34. 34. Scansion: scanning for rhyme Our scanning task is nearing its conclusion! We only have a couple more activities to go.
  35. 35. Scansion: scanning for rhyme Next, we check for the use of rhyme. We do that for terminal rhyme or end rhyme by assigning letters to the sound clusters we hear at the ends of the poem’s lines. We assign the first set of sounds the letter “A,” and the next time we see those same sounds, we label that with an “A” as well. If we hear a different set of sounds, we assign the next letter to that sound cluster.
  36. 36. Scansion: labeling rhyme scheme
  37. 37. Scansion: labeling rhyme scheme Did yours look like this? brawls A balls A Just B rust B hug C rug C shelf D myself D
  38. 38. Scansion: labeling rhyme scheme Did yours look like this? brawls A balls A Just B rust B hug C rug C shelf D myself D
  39. 39. Scansion: labeling stanzas Now we identify line groupings. They can either be broken by spaces into stanzas or simply work in functional groups, as the ones in our sample poem do. • 1 line: monostich • 2 lines: distich or couplet • 3 lines: triplet, tercet • 4 lines: quatrain • 5 lines: cinquain • 6 lines: sestet • 7 lines: septet • 8 lines: octet or octave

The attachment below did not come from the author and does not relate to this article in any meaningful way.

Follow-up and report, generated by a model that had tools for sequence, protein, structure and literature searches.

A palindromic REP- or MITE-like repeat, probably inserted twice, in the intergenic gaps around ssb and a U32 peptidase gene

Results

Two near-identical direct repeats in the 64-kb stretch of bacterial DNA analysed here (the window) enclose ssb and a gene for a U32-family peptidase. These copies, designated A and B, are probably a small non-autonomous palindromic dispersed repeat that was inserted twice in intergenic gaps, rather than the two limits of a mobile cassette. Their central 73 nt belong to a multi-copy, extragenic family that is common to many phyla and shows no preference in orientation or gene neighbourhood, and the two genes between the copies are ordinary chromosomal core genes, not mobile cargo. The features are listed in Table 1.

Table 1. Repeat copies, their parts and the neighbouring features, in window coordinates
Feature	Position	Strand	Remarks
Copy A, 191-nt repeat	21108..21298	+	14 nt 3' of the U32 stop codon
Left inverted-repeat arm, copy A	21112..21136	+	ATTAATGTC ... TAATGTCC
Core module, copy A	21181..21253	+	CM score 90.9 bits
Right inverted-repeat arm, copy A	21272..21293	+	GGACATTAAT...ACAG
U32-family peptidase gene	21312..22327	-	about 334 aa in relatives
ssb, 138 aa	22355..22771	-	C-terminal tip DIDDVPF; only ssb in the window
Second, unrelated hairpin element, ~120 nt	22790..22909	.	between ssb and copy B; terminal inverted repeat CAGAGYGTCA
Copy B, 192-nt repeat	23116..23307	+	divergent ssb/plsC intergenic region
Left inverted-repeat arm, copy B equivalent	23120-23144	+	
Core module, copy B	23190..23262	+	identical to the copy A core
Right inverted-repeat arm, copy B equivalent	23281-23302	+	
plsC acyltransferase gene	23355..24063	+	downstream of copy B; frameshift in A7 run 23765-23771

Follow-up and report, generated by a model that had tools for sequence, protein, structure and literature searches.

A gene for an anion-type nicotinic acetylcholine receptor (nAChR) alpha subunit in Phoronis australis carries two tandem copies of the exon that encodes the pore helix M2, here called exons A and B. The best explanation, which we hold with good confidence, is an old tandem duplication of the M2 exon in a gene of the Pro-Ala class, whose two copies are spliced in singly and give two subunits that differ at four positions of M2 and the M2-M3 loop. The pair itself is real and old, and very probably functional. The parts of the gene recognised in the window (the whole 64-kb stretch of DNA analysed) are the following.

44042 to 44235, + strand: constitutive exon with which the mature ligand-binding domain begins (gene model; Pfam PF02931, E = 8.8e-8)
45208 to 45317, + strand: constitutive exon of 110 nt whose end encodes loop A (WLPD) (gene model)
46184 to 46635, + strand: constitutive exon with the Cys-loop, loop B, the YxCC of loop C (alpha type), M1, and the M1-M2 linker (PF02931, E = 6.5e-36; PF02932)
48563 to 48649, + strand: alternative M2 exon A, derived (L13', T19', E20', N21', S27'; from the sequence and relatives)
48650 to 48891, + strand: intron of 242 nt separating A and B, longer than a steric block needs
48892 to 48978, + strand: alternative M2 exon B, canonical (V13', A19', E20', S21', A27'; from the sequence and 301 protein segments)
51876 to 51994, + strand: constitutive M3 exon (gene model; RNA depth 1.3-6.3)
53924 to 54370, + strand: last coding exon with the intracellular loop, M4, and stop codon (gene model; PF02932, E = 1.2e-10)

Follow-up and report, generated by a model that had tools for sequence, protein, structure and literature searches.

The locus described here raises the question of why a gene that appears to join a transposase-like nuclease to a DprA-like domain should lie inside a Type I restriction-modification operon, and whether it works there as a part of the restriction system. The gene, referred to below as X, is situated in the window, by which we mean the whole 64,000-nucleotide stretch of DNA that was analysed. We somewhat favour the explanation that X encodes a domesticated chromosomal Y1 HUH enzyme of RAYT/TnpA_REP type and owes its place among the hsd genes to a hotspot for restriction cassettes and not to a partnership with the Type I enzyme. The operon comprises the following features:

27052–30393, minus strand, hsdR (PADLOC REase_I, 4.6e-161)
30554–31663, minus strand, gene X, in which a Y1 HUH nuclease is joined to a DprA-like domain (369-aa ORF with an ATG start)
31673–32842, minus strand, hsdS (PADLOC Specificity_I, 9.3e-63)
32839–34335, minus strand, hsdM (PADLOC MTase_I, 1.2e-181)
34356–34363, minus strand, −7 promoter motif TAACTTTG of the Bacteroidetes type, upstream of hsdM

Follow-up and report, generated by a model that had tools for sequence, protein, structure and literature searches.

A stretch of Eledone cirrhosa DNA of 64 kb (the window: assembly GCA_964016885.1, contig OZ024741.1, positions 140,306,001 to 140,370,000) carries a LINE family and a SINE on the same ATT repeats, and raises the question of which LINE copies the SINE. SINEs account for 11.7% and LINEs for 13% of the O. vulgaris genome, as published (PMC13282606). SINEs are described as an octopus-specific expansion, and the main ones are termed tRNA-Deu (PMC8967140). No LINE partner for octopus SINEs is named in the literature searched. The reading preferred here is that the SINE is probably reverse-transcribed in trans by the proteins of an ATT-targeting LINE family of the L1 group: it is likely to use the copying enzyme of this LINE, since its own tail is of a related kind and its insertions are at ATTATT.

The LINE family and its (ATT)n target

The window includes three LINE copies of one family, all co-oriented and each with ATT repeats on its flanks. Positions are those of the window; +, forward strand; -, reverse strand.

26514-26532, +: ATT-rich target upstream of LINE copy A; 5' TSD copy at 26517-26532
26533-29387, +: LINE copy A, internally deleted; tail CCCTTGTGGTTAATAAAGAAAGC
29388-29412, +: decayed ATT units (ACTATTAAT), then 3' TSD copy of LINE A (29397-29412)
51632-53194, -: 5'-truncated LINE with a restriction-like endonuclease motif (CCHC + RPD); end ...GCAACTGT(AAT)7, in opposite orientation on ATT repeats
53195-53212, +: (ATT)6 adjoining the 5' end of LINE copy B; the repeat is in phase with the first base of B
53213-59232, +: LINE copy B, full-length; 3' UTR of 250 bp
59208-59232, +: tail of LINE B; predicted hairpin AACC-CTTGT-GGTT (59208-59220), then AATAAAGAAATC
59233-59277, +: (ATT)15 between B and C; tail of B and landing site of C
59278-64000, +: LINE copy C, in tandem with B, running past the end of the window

40. 40. Scansion: nomenclature • So our sample poem is written in closed form with iambic tetrameter couplets and has an AABBCCDD rhyme scheme. This is how the nomenclature (or naming convention) works in scansion. Just one more step to go.
  41. 41. Scansion: traditional forms Traditional forms are standardized combinations of rhyme, meter, and stanza that poets use to place their works within an aesthetic tradition and give it a familiar structure and sound.